Scientists analyzing the night sky and looking at galaxies have attempted over the years to explain why galaxies form in various shapes and sizes, but have been unable to do so despite their best attempts. However, it would appear that, recently, a team has managed a breakthrough, when experts at the Embry-Riddle University in Arizona have devised a surprisingly accurate model of the Universe. The simulation includes most of today's galaxies, and, oddly enough, most of them have their current shapes, Space
This has never before been achieved in a computer simulation that sought to recreate the entire history of the Cosmos, such as the fact that it started more than 13.7 billion years ago. “We were completely astonished that our model predicted both the abundance and diversity of galaxy types so precisely,” ERU researcher Nick Devereux, who has been a member of the team that has performed the new study, explains.
What the team has done differently than other groups that attempted the same thing before it has been to introduce dark matter models into its simulations.
The researchers essentially predicted that one of the most influential factors in establishing a galaxy's shape and size was the distribution of dark matter around the space structure. At this point, there are two main types of galaxies in the Universe – elliptical and spiral. Elliptical galaxies are like a barrel of stars, tightly grouped together, whereas spiral galaxies (such as the Milky Way and Andromeda) have two or more arms spiraling from their central regions. Spiral galaxies are further divided into two groups, barred and unbarred. Barred spiral galaxies have a central bar of stars, out of which the arms stretch out.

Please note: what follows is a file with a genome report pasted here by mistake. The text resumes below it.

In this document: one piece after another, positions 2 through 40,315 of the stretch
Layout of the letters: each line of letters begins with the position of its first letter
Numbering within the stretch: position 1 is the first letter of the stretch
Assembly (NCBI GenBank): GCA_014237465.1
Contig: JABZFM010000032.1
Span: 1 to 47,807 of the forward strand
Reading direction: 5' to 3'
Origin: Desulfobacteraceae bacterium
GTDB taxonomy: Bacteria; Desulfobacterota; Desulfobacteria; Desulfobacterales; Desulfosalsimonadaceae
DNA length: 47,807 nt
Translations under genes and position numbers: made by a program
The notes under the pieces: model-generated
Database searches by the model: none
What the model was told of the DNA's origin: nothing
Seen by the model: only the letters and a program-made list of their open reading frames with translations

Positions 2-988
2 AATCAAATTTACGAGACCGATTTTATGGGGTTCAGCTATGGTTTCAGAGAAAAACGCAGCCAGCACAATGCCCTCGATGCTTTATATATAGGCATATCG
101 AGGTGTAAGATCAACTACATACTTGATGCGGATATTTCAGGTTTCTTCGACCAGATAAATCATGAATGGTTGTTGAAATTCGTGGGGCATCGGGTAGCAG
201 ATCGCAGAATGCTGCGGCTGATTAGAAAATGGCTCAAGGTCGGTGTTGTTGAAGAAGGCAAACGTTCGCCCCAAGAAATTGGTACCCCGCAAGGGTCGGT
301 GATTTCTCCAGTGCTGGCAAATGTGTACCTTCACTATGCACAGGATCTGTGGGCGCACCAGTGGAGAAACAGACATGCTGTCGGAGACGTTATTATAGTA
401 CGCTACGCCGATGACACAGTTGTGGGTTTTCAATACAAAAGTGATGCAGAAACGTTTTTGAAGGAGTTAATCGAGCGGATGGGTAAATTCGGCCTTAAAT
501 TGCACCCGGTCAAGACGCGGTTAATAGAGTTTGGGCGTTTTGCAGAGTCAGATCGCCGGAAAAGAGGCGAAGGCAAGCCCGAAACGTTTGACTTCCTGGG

The new supercomputer model that the team has developed includes massive amounts of observational data, as well as the “Lambda Cold Dark Matter” theory of the Universe. This idea states that most of the Cosmos, about 72 percent, is made up of dark energy, whereas 23 percent is accounted for with dark matter. The remaining five percent includes everything we can see in the Universe, that is stars and galaxies, black holes, pulsars, quasars, blazers, neutron stars, space rocks, exoplanets, and so on. When the supercomputer program finished running, the researchers were surprised to find out that the simulation predicted almost the exact number of each type of galaxy in the known Universe.
“It really boosts my confidence in the model,” astronomer and study researcher Andrew Benson, who is based at the California Institute of Technology (Caltech), says. “These new findings set a clear direction for future research. Our goal now is to compare the model predictions with observations of more distant galaxies seen in images obtained with the Hubble [Space Telescope] and those of the soon-to-be-launched James Webb Space Telescope,” Devereux reveals. Details of the new model were showcased in the latest issue of the respected scientific journal Monthly Notices of the Royal Astronomical Society.